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Organizing Still a Labor of Love

August 14, 1989|H.G. REZA | Times Staff Writer

A decade ago, when Ken-Seaton Msemaji and Fahari Jeffers organized a union to represent domestic workers, their friends and supporters applauded the idea but wondered if the veteran labor organizers had finally taken on an impossible task.

With help from the United Farm Workers union and Catholic church groups, the couple organized a small nucleus from a largely invisible work force, composed mainly of poorly educated minority women who earned minimum wage. Throughout the history of the U.S. labor movement, nobody had ever succeeded in organizing housekeepers into a union.

But Jeffers and Msemaji were determined, and they began their venture in San Diego, a conservative city not known as a labor stronghold. In April, 1979, the couple and 150 members founded the United Domestic Workers union at a convention in Southeast San Diego.

"Cesar (Chavez) planted the seed in 1976 . . . He was looking for someone to organize domestic workers," said Msemaji, 44, who was an activist with a black community group that at the time was helping the UFW with a statewide farm workers initiative.

Msemaji and Jeffers, 35, threw themselves into the effort to organize the union with the same fervor that drove them to adopt 16 children, many of them undocumented aliens, in the following years. Fourteen of the couple's adopted children are Latino and two are black.

"Our struggle to put the union together and form our family kind of paralleled each other," Msemaji said. "When we started both, we didn't have any money and nobody thought we could do it . . . We became a union and a family under unusual circumstances."

Started Recruiting in 1978

With help from the UFW, which sent several organizers to help the fledgling union, the UDW began recruiting members in 1978. Many of the first members were recruited at dawn, as they rode to work on city buses, and at San Ysidro, where organizers met Mexican women who crossed the border for housekeeping jobs on the U.S. side.

Today, while the independent union's membership is still largely minority women, about 33% of its membership is made up of white housekeepers.

"Most people thought it was an impossible thing to do . . . Originally, we envisioned forming a union for maids and housecleaners. After a while, we realized that in order to organize them, we had to have a stronger base of support," Msemaji said.

In order to build a support base from which to grow, the UDW began focusing on home attendants from the government-funded In Home Support Services program. The IHSS program, designed to provide home care for the aged and disabled poor who cannot afford convalescent care, is financed by the state and administered by the counties.

However, Jeffers, who is also an attorney, admitted that the first results were more humbling than encouraging. The union's first election in September, 1979, at a local nursing home, was lost by one vote. It was more than a year later, in November, 1980, before the UDW signed its first collective bargaining agreement, covering 2,000 home attendant workers contracted by San Diego County.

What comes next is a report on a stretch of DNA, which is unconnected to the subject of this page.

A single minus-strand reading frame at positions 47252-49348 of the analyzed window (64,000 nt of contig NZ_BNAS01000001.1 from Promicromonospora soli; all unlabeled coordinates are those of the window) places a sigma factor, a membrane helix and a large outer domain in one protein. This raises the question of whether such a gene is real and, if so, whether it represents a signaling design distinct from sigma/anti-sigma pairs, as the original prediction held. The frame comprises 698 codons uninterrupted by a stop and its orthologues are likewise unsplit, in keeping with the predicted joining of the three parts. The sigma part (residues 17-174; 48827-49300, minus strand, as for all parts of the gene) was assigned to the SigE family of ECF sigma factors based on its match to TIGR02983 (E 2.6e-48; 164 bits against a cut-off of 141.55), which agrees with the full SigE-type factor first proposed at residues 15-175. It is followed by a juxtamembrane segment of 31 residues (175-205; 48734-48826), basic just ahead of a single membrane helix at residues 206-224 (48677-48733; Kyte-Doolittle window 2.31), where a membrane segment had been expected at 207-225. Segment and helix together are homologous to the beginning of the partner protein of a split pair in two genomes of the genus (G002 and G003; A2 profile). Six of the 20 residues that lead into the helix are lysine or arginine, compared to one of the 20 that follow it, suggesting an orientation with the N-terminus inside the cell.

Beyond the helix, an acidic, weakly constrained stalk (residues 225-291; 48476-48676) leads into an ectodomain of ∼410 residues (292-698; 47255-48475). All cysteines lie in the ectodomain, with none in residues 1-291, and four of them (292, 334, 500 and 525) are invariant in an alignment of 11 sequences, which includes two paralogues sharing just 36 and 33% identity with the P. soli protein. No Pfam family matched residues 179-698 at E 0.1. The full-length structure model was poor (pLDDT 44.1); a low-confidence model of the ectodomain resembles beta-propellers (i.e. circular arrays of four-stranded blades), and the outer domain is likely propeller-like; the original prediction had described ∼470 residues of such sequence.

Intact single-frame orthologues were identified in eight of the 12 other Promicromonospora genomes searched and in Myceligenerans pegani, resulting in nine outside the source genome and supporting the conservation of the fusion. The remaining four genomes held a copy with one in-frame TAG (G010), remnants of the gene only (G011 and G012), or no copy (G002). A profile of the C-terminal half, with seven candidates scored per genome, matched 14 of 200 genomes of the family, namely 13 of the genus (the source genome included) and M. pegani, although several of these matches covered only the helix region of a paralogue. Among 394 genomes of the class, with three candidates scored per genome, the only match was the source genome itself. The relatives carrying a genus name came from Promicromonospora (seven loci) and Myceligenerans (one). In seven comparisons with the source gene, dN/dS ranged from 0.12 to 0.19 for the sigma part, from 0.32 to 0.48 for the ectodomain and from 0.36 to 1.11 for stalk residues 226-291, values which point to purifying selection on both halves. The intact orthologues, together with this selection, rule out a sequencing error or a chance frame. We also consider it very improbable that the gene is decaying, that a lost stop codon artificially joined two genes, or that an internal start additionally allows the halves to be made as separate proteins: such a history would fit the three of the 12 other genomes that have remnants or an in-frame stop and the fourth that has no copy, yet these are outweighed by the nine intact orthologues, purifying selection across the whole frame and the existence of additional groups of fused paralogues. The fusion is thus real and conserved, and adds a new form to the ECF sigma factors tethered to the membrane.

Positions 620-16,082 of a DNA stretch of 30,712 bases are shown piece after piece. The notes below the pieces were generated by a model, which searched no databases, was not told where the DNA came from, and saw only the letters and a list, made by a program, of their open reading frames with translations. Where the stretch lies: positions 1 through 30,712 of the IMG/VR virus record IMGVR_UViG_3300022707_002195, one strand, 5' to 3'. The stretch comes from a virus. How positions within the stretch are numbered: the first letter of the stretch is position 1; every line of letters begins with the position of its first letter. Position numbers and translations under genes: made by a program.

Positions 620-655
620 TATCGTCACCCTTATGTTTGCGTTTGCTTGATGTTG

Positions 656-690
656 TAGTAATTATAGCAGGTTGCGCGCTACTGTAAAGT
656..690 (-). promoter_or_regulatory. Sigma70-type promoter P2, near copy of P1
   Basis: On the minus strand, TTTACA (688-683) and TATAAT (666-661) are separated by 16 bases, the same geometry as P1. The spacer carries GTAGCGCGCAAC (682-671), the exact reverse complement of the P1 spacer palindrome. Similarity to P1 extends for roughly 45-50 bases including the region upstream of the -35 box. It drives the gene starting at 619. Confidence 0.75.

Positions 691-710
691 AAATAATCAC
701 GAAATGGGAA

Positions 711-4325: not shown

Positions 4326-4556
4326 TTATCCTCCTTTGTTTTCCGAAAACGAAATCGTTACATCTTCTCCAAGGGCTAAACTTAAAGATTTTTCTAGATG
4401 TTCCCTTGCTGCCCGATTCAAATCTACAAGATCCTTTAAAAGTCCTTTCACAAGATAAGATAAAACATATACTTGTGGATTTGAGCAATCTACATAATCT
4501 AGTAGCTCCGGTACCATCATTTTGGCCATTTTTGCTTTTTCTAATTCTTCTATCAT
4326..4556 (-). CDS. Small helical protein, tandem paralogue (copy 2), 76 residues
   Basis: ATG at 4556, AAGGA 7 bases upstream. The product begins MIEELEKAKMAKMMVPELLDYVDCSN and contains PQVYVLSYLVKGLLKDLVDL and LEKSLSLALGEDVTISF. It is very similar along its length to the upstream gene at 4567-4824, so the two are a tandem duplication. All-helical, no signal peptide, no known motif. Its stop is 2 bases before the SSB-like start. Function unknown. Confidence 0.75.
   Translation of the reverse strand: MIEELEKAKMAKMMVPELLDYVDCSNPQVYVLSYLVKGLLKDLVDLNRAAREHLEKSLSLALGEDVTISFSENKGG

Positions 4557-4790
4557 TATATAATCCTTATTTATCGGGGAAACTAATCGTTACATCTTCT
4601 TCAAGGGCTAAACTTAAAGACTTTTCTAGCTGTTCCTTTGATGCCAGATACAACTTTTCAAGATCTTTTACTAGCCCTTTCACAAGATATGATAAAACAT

Nine years later, the union's membership has grown modestly to 5,000 workers--there are about 130,000 home attendants in the state--but its influence has been felt throughout California. Currently, its paid membership is composed exclusively of workers who work for companies that contract with California counties for in-home care for aged and disabled people. The overwhelming majority of home attendants in California are "private providers," who do not have union representation.

In addition to fighting for workers' rights, Jeffers is also fighting a more personal battle with a debilitating disease. Jeffers suffers from myasthenia gravis, a disease of the muscles that strikes its victims in the form of mild twitches and which can make chewing, swallowing and breathing difficult.

The disease has hospitalized Jeffers on several occasions, but she refuses to be conquered by it.

"It's not a disease that has a cure. It's a constant threat, but I can overcome it," she said.

Home attendants represented by the UDW earn about $5 an hour, but their benefits include paid vacations and a health plan. In comparison, private providers usually earn minimum wage--$4.25 an hour--without benefits.

Although the UDW's roots are planted firmly in the progressive labor movement, the union has been able to survive in an era that has sent many unions reeling largely because of Jeffers and Msemaji's insistence on developing bipartisan support on issues.

Diverse Group of Supporters

Through the years, UDW supporters have included politicians of diverse political views, such as Assembly Speaker Willie Brown (D-San Francisco), Assemblyman Tom Hayden (D-Santa Monica), Assembly Minority Leader Ross Johnson (R-Fullerton), Sen. Larry Stirling (R-San Diego) and conservative San Diego businessman James C. Schmidt, vice chairman of the board of Great American Bank.

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